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Protests leak into the classroom

It is quite tough to recall a time in which social media did not consume the lives of the average consumer. Whether used for entertainment, business advertisement, or keeping in touch with loved ones, on average, the consumer spends 5.1 hours per day on media platforms (Hodgeman, September 21, 2016). Considering this staggering data, it does not come as a surprise how quickly breaking news can spread via social media. This was clearly demonstrated during the tragic and emotional shooting in Charlotte, NC, involving another Black male and a police officer. This incident trails a similar tragedy five days prior in Tulsa, OK, involving another police-involved fatality.

Live feeds from Facebook quickly emerged across the Charlotte area drawing raging emotions to the community. As a result, our youth have direct access to view the violent acts taking place. The question becomes, whose role is it to equip and support our youth with real solutions on how to effectively channel their emotions? They are scared, broken, and very aware of this reality.

Educators in our community are conflicted with how to foster healthy conversations with students about recent events without crossing boundaries. But in this moment, we do not have room to be sensitive to these conversations and we cannot afford to skateboard around them. Teachers need to take advantage of opportunities like these and carve time into the schedule allowing scholars the leverage to write or openly discuss safe practices in order to handle the crisis in which our city and country face. The riots, rage, property damage, and attacks are direct results of generations of people who have been robbed of basic skills to channel and communicate their emotions. This is no different from teaching a toddler to use their words to communicate how they feel or what they want. A person who has not effectively addressed this stage of development, will respond the way he/she knows how–physically.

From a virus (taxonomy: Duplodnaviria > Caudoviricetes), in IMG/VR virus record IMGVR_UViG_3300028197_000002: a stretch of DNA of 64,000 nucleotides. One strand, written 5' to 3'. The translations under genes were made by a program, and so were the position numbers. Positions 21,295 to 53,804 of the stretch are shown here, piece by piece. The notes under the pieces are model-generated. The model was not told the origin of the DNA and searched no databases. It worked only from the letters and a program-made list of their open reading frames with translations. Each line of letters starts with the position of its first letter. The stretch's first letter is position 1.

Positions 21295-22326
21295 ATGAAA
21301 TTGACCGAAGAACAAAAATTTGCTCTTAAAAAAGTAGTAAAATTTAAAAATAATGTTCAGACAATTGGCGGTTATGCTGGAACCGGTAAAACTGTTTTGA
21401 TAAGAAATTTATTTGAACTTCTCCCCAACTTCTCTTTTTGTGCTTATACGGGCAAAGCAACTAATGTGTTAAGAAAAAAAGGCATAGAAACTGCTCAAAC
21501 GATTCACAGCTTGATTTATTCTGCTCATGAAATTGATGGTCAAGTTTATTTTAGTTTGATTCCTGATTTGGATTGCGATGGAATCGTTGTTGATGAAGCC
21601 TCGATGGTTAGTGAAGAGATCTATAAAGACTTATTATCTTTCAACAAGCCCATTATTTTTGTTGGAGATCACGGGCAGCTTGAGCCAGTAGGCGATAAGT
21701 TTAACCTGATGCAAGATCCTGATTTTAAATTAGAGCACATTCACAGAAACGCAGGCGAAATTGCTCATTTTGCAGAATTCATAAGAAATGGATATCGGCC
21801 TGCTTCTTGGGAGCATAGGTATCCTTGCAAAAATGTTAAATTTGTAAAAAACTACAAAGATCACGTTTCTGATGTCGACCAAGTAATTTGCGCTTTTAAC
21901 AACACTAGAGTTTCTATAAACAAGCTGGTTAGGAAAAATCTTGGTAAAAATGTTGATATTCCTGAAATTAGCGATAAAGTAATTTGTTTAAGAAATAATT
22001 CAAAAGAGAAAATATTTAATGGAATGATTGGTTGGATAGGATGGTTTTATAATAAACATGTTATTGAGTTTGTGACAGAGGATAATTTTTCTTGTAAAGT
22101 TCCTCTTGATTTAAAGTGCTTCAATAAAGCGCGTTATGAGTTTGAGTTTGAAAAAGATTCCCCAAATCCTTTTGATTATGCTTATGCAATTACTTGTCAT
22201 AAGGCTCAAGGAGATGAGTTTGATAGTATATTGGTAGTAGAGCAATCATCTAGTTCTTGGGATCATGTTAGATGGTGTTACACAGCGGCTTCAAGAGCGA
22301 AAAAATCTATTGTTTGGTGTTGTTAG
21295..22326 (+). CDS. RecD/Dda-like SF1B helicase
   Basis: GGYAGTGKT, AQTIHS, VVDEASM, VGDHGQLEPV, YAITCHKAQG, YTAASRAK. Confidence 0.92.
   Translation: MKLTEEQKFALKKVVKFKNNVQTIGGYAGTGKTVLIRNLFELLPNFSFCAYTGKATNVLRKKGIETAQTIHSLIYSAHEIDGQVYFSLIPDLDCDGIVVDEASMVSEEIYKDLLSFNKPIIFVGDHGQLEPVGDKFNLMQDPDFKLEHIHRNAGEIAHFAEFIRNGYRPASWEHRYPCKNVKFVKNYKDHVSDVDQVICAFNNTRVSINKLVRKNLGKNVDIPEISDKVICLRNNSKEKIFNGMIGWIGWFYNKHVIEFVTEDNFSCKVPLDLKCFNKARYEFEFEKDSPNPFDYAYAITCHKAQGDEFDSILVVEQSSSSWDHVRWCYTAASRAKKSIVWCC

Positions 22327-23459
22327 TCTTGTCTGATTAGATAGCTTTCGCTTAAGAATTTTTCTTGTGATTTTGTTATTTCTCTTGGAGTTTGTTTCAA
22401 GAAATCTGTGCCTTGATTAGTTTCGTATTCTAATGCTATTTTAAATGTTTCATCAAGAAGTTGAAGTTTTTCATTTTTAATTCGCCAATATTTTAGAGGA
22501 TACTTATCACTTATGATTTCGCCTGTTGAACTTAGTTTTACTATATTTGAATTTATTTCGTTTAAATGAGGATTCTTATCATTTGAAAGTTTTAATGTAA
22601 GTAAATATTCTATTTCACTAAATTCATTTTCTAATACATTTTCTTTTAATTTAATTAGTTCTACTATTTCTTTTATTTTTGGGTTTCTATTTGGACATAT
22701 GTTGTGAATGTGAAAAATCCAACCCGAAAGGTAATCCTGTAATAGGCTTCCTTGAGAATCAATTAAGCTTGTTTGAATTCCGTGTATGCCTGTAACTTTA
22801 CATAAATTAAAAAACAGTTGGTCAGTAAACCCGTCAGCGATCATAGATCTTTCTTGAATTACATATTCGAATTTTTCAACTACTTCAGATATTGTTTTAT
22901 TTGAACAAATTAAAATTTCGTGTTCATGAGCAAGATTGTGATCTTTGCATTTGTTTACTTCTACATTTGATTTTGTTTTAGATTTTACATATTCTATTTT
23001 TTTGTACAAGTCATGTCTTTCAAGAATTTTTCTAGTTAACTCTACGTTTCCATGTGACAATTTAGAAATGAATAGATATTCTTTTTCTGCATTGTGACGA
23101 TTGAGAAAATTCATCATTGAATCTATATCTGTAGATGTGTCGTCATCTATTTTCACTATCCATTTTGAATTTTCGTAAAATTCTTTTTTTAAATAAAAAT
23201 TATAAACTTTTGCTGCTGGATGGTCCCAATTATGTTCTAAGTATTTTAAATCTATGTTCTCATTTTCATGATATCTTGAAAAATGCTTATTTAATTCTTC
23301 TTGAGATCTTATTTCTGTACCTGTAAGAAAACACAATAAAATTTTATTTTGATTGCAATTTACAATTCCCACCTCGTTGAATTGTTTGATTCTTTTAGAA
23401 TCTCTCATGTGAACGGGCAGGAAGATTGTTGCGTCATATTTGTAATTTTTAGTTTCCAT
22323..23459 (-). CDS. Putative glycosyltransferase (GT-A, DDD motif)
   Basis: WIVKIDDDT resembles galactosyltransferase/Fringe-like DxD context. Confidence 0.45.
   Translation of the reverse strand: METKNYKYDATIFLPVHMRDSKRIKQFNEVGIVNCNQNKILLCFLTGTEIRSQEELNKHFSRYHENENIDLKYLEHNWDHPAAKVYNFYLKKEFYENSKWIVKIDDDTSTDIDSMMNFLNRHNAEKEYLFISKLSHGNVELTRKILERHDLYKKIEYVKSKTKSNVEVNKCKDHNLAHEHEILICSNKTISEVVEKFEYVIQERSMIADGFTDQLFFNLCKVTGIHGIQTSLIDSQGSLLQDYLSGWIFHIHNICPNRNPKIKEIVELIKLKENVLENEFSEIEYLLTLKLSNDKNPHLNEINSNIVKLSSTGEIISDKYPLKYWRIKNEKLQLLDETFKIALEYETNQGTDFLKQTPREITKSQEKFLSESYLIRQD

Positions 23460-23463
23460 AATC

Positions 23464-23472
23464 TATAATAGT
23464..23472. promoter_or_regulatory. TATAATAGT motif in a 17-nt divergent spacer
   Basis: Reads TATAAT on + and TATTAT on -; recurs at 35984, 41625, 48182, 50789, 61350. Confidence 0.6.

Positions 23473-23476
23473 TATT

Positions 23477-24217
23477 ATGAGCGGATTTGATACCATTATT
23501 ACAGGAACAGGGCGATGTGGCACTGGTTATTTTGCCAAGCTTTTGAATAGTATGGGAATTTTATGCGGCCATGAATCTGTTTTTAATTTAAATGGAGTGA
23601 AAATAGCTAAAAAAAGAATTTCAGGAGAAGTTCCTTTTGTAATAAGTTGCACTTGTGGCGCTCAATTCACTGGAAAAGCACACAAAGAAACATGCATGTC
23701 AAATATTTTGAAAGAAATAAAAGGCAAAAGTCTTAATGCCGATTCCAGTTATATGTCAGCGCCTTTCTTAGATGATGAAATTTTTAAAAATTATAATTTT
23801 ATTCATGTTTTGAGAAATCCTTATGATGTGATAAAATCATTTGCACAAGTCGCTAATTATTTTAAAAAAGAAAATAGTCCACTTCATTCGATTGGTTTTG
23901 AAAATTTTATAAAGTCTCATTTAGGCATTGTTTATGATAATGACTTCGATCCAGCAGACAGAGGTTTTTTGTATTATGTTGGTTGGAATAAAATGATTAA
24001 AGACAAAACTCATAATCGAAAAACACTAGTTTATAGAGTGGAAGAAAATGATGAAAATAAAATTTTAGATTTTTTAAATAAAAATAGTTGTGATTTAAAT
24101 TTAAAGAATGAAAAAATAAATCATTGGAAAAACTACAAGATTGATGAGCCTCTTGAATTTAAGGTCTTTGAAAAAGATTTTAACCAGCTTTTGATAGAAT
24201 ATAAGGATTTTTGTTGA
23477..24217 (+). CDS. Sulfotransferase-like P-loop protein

North Carolina educational policies make attempts in supporting schools to identify and implement programs that address specific needs. Under the North Carolina General Assembly 115C-105.32., it claims “State Board of Education shall develop a list of recommended strategies that it determines to be effective, which building level committees may use to establish involvement programs designed to meet the specific needs of their schools” (North Carolina General Assembly, 2016). While I can appreciate the sentiment of structure, school level and local leadership must advocate for the obvious needs. This policy should specifically force schools to embed opportunities during the school day to address scholar concerns.

As a Black male educator, I feel the pain of my brothers and sisters who are living in fear, I know the pain of my Black male scholars whose future lies in the hands of those who have no clue what it is like to be Black in America, and I empathize the pain of those who know what true freedom looks like but are stricken to the cycle of poverty. In the words of my 14-year old mentee, “[teachers] don’t care about how what happened and if they do, they don’t show it. For all they know, I am an agitator” (L. Sherrill, personal communication, 21, September 2016). It is in this moment our role as educators is crucial. Hold scholars close and educate them with strategies of managing emotions. Our scholars need to know that it is okay to be vulnerable but that it is never okay to be a victim. I care.

Dominique Stone

Dominique Stone is a teacher in Charlotte-Mecklenburg Schools.